•  GeoPlanner for ArcGIS, which is a web-based, easy to use sketching and mapping tool to design scenarios. It leverages geo-based dataand supports all the steps of land-based planning and urban design. This includes sketching and designing scenarios (design alternatives), understanding the impact of your designs, perform site and spatial analysis and compare alternative designs.
  • ArcGIS Pro which is a robust desktop application which render and process data faster than ever. The software allows you to design and edit your concepts in 2D and 3D with multiple view ports. You can perform 3d site analysis like wind analysis, shade/ shadow analysis, circulation patterns, density, view-shed analysis. Designers can add realistic trees, buildings and infrastructures quickly.
  • CityEngine which is a 3D modeling software which leverages parametric modeling and geo-based data to create evidence-based city and landscape designs. CityEngine creates high quality renderings. CityEngine allows you to import your urban design proposals within existing built urban context in CityEngine. Using parametric and rule procedures, the landscape architect can create, change and test mass modeling to comply with zoning regulations; test shadow area; create detailed streetscapes and create quality public realm It offers intuitive and effective tools for façade and landscape texturing, adding landscape elements and various tree species. CityEngine provides perspective correction to capture the right views. CityEngine is integrated with ArcGIS.

All these tools provide real-time feedback on your changing design concepts.

arcgispro-6

Geodesign combines site and nature “with design by providing designers with robust tools that support rapid evaluation of design alternatives against the impacts of those designs. Geodesign infuses design with a blend of science- and value-based information to help designers, planners, and stakeholders make better-informed decisions….[the geodesign platform] offers geospatial modeling, impact simulations, and real-time feedback to facilitate holistic designs and smart decisions.”[3]

The Esri’s Geodesign Platform is a critical toolkit for urban design and landscape architecture, as a means to make smart design decisions.

Further Reading:

 Footnotes:

[1] Esri Inc. on Geodesign.- http://www.esri.com/products/arcgis-capabilities/geodesign (2015)
[2] Michael Flaxman talk at the the 2010 GeoDesign Summit.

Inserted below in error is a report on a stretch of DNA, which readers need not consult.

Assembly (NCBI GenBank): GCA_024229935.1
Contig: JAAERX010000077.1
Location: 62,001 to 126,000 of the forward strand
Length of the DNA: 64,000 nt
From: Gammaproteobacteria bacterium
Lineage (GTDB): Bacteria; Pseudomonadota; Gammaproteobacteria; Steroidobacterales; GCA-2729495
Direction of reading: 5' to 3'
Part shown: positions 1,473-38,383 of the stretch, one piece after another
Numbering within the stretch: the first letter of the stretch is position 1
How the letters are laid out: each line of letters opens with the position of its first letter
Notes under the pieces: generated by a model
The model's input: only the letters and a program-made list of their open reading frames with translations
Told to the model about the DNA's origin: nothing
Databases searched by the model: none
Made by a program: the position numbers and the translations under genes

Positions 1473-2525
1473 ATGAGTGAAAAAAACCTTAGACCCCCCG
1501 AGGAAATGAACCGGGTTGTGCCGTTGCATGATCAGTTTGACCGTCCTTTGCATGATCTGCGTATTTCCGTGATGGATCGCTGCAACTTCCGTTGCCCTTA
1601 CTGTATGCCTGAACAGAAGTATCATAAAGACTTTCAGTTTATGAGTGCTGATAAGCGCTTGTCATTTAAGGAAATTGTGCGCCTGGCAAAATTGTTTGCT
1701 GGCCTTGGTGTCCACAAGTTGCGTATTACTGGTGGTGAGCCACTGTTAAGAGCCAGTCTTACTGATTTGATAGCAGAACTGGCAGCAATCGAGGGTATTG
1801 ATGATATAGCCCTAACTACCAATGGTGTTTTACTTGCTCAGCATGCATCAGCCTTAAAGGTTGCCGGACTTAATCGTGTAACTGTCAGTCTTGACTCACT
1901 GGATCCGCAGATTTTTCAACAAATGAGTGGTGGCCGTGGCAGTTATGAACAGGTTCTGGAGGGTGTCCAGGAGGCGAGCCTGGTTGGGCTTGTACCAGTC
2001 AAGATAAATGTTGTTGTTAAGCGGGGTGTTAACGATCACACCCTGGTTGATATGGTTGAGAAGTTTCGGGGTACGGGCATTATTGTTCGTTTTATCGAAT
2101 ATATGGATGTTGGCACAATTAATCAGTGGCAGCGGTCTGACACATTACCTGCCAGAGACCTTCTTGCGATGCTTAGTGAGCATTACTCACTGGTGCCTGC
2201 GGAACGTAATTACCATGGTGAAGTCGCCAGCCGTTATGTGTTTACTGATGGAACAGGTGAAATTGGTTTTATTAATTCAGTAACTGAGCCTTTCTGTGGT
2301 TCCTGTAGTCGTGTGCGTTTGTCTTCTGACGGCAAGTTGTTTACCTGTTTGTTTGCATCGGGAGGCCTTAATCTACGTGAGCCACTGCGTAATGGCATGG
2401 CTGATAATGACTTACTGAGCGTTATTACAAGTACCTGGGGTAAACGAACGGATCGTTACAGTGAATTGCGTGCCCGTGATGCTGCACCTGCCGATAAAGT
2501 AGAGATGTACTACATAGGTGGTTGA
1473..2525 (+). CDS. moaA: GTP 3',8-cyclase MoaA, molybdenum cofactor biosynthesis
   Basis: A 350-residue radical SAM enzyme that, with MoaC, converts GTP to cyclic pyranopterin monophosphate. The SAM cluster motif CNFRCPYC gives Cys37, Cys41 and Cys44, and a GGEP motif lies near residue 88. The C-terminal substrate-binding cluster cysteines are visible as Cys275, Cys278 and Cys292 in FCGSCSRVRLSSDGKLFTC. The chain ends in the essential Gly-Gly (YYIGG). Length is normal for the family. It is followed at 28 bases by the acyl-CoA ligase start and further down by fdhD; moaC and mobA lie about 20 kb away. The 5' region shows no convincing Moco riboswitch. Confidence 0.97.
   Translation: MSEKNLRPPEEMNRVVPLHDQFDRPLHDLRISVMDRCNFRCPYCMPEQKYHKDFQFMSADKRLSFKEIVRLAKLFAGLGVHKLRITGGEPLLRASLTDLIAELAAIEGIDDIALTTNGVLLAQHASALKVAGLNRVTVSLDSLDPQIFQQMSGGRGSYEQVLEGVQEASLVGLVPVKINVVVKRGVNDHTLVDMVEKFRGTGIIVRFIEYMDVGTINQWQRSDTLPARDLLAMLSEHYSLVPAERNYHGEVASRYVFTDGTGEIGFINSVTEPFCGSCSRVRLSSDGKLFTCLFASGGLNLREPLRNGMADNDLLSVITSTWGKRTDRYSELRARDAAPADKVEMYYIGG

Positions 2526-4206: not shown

[3] Esri Inc, http://www.esri.com/products/arcgis-capabilities/geodesign (2015)

 

11 thoughts on “Guest Post: Geodesign

      1. Yes it is an ESRI-sponsored post. Otherwise, I would have not ever visited this website if ESRI hadn’t directed me here. I’d say that makes it ESRI-sponsored.

  1. Geodesign is any form of design that is geographically situated. Any software that uses georeferenced data would be a form of geodesign. The term, however, is used merely as a stand-in for ESRI’s City Engine. The design community should be wary of any ‘methodology’ that is proprietary and motivated by commercial profit. Rather than buying prepackaged tools, we need to be developing our own in order to expand and question the limits and potentials of any tool.

  2. This post certainly concentrates on ESRI tools (although several beyond CityEngine). So other examples could clearly be added (such as Stanford’s INVEST tools, or Criterion Planner’s INDEX/SPARC, or many ‘decision support’ tools)

    However I think Keith oversimplifies by saying the any georeferenced design is geodesign. Definitions vary, but mine and most others consider impact assessments to be the critical element. This typically requires connections to and computations on data beyond “the design.” I’d say georeferencing is necessary but not sufficient. Positioning a building atop an airphoto doesn’t mean that you have done any analysis. Many design tools are concerned only with quantifying aspects of the design internal to itself (like its construction or operations). That’s great as far as it goes, but misses the “geo”.

    Keith’s argument is basically dismissing geodesign (along with all commercial tools) based on imputation of nefarious motives. That’s wrong on many levels. First, geodesign methodology is not proprietary and (speaking for myself and some of the key instigators) not primarily motivated by profit. I’d say its more directly motivated by the poor results seen from conventional design processes which despoil the planet and destroy communities.